﻿ ﻿Units of Measurement - Easy Mathematics Step-by-Step

## Easy Mathematics Step-by-Step (2012)

### Chapter 8. Units of Measurement

In use in the United States are two different measurement systems: the US customary system and the metric system. In this chapter, you learn how to work with both systems.

All other countries have adopted the metric system, although the imperial system—which is similar to the US customary system—is also used in the United Kingdom.

Metric System Prefixes

You are no doubt familiar with the US customary system. Table 8.1 contains the metric system prefixes you will find useful to know.

Table 8.1 Metric System Prefixes

US Customary and Metric Units

Table 8.2 contains a list of the US customary and metric units most commonly used in everyday activities.

Table 8.2 Units of Measurement

Denominate Numbers

You express measurements using denominate numbers. A denominate number is a number with units attached. Numbers without units attached are abstract numbers.

Problem Identify the denominate numbers in the following list: 1000, 1200 m, \$400, , , 180d, 4840 yd2, 8 gal, 5 kg, 3.785

Solution

Step 1. Recalling that denominate numbers have units attached, identify the denominate numbers in the list.

1200 m, \$400, yd, 180 d, 4840 yd2, 8 gal, and 5 kg

Converting Units of Denominate Numbers

You convert measurement units of denominate numbers to different measurement units by using “conversion fractions.” You make conversion fractions from conversion facts given in tables like Table 8.2. You have two conversion fractions for each conversion fact. For example, for , you have and . Each of these fractions is equivalent to the number 1 because the numerator and denominator are different names for the same length. Therefore, multiplying a quantity by either of these fractions, does not change the value of the quantity.

To change the units of a denominate number to different units, multiply by the conversion fraction whose denominator is the same as the units of the quantity to be converted. When you multiply, the units you started out with will divide (“cancel”) out, and you will be left with the new units.

When you’re converting from one measurement unit to another, if the original units don’t cancel out when you multiply, then you picked the wrong conversion fraction. Go back and do the multiplication over again with the other conversion fraction.

You always should assess your result to see if it makes sense. Here is a helpful guideline.

When you convert from a larger unit to a smaller unit, it will take more of the smaller units to equal the same amount. When you convert from a smaller unit to a larger unit, it will take less of the larger units to equal the same amount.

Problem Change the given amount to the units indicated.

Solution

Step 1. Using Table 8.2, determine the conversion fractions.

Step 2. Write 5 yd as a fraction with denominator 1, select the conversion fraction that has “yd” in the denominator, and then multiply.

(The “yd” units cancel out, leaving “ft” as the units for the answer.)

Step 3. State the main result.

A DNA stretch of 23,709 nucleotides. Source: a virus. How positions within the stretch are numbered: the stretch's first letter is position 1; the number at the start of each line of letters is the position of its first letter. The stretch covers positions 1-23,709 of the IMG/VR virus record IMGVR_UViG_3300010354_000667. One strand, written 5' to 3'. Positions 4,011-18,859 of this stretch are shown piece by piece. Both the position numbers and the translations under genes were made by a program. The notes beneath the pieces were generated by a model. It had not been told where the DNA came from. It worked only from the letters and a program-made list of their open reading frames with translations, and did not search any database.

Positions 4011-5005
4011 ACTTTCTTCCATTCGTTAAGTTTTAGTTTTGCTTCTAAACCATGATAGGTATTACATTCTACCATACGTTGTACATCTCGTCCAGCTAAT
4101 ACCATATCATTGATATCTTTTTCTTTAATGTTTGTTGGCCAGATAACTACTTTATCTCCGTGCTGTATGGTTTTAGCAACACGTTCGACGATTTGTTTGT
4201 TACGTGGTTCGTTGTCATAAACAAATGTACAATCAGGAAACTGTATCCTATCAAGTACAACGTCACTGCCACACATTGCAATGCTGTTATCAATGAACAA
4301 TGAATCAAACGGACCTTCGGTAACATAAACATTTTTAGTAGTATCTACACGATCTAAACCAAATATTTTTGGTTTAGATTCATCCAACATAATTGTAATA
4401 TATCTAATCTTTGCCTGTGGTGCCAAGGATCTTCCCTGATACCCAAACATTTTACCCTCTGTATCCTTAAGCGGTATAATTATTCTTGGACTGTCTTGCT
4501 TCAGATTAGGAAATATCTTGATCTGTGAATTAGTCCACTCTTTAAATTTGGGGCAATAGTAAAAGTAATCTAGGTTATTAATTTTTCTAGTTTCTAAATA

Step 4. Assess the result.

A yard is longer than a foot, so the number in front of “ft” should be greater than the number in front of “yd.”

b.

Step 1. Using Table 8.2, determine the conversion fractions.

Step 2. Write 360 min as a fraction with denominator 1, select the conversion fraction that has “min” in the denominator, and then multiply.

(The “min” units cancel out, leaving “hr” as the units for the answer.)

Step 3. State the main result.

Step 4. Assess the result.

A minute is shorter than an hour, so the number in front of “hr” should be less than the number in front of “min.”

Step 1. Using Table 8.2, determine the conversion fractions.

. Do not make this common error. A square yard measures 1 yd by 1 yd. Thus, .

Step 2. Write 2 yd2 as a fraction with denominator 1, select the conversion fraction that has “yd2” in the denominator, and then multiply.

(The “yd2” units cancel out, leaving “ft2” as the units for the answer.)

Step 3. State the main result.

Step 4. Assess the result.

A square yard is larger than a square foot, so the number in front of “ft2” should be greater than the number in front of “yd2.”

Step 1. Using Table 8.2, determine the conversion fractions.

Step 2. Write yd with “yd” as part of the numerator, select the conversion fraction that has “yd” in the denominator, and then multiply.

(The “yd” units cancel out, leaving “ft” as the units for the answer.)

or 2.25ft. When you have a choice of expressing an answer using fractions or decimals, you should use decimals because working with decimals is easier when you use a calculator.

Step 3. State the main result.

Step 4. Assess the result.

A yard is longer than a foot, so the number in front of “ft” should be greater than the number in front of “yd.”

Step 1. Using Table 8.2, determine the conversion fractions.

Step 2. Write 7 qt as a fraction with denominator 1, select the conversion fraction that has “qt” in the denominator, and then multiply.

(The “qt” units cancel out, leaving “gal” as the units for the answer.)

Step 3. State the main result.

Step 4. Assess the result.

A quart is less than a gallon, so the number in front of “gal” should be less than the number in front of “qt.”

Step 1. Using Table 8.2, determine the conversion fractions.

Step 2. Write 8 in as a fraction with denominator 1, select the conversion fraction that has “in” in the denominator, and then multiply.

(The “in” units cancel out, leaving “cm” as the units for the answer.)

Step 3. State the main result.

Step 4. Assess the result.

An inch is longer than a centimeter, so the number in front of “cm” should be greater than the number in front of “in.”

Step 1. Using Table 8.2, determine the conversion fractions.

Step 2. Write 1200 m as a fraction with denominator 1, select the conversion fraction that has “m” in the denominator, and then multiply.

(The “m” units cancel out, leaving “km” as the units for the answer.)

Step 3. State the main result.

Step 4. Assess the result.

A meter is shorter than a kilometer, so the number in front of “km” should be less than the number in front of “m.”